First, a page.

Who was John T. Lewis, the farmer whose name has been forgotten — along with the fact that he was a friend to one of America’s great writers, Samuel Langhorne Clemens (Mark Twain)?
He was born in 1835 (the same year as Twain) in Carroll County, Md., and in 1853 as a black freeman living in a slave-holding society, he was allowed to join the “mostly white” Church of the Brethren in Westminster, Md. In 1860, he left Maryland and settled on Marsh Creek, just south of Gettysburg, from which he moved just in time to escape the bloody battle there. Still restless, he journeyed north, finally putting down roots near Elmira, N.Y., in 1864.
In August 1877, Mark Twain had come from Hartford, Conn., to visit relatives, the Langdons, whose Quarry Farm was located just outside Elmira. There, the year before, Twain had finished his best-selling novel “The Adventures of Tom Sawyer.”
One of the black female servants at Quarry Farm was Mary Lewis — wife of John, who worked a small farm in the area. One evening as John slowly drove his two-horse wagon home from Elmira, a runaway horse and buggy headed toward him. Quickly, he pulled his team across the road and formed a V with a fence.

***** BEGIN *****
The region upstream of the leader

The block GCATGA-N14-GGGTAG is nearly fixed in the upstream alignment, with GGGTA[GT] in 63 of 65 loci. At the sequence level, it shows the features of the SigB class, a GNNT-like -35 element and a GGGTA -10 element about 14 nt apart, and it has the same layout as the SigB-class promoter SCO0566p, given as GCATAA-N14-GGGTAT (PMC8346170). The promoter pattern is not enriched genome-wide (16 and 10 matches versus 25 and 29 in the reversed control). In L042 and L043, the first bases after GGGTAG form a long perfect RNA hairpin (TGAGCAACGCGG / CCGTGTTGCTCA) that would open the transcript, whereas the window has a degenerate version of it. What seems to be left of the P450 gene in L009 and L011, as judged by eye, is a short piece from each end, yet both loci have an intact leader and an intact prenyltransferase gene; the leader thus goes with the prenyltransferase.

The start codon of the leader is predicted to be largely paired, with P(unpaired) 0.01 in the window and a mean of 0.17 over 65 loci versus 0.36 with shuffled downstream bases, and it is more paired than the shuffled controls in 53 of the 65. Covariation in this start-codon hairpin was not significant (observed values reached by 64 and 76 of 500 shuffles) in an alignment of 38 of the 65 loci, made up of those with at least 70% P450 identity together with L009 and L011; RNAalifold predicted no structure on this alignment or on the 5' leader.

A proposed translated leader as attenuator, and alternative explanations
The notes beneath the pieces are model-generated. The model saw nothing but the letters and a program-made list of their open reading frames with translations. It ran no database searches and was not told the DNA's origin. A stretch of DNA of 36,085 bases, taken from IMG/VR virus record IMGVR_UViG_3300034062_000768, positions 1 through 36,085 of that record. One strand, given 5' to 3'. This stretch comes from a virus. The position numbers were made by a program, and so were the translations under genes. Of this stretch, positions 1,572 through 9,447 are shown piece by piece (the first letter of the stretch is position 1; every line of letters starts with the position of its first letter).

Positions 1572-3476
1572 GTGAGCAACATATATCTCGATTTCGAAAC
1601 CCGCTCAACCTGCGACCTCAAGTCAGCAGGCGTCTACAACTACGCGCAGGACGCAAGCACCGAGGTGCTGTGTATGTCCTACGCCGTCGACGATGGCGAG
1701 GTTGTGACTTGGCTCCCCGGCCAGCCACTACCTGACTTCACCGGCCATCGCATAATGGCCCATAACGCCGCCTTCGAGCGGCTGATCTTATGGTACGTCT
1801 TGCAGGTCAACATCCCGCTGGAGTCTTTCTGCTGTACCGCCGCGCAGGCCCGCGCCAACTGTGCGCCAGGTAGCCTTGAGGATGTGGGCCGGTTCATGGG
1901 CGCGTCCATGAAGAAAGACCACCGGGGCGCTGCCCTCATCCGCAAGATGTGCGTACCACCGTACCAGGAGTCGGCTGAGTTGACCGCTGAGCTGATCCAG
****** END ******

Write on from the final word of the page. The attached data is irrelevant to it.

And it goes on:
As the speeding buggy entered the V, John, with extraordinary strength, grabbed the bit of the wild-eyed horse just in time to keep it from going over a steep cliff only yards down the road. The driver of the buggy was Ida Langdon, Mark Twain’s sister-in-law. Langdon’s daughter Julia and a black nurse were passengers.
Twain was first to arrive on the scene, having seen the runaway buggy as it left Quarry Farm. He spoke often of the lifesaving incident: “If Lewis had missed his aim, he would have been killed on the spot in the trap he had made for himself, and we should have found the rest of the remains way down at the bottom of the steep ravine.”
For his daring act, the Langdons gave Lewis a large sum of money. Twain gave him a set of his books containing “greenbacks.” With the cash, John and Mary Lewis paid the debt on their 64-acre farm. Ida Langdon gave her rescuer a gold Swiss pocket watch inscribed: “John T. Lewis, who saved three lives at the peril of his own life, August 23, 1877. This in grateful remembrance from Mrs. Charles J. Langdon.”
Twain’s relationship with Lewis lasted 26 years. Whenever he returned to Quarry Farm, he would look up his old friend, and they would spend hours discussing religion and world affairs. In “The Adventures of Huckleberry Finn,” he developed a character of a runaway slave called simply Jim, the only black man in his novel. Many believe that he had in mind Lewis, who, like Jim, had risked his own life to save others.
In 1903, the year the “battlefield Bible” was returned to the Dunkard church at Antietam, Twain and Lewis met for the last time at Quarry Farm. Lewis’ only child, Susanna, cared for him after the death of his wife, and in 1906, the 71-year-old farmer also died. Four years later, Mark Twain was laid to rest in Woodlawn Cemetery at Elmira, just yards from his friend John T. Lewis.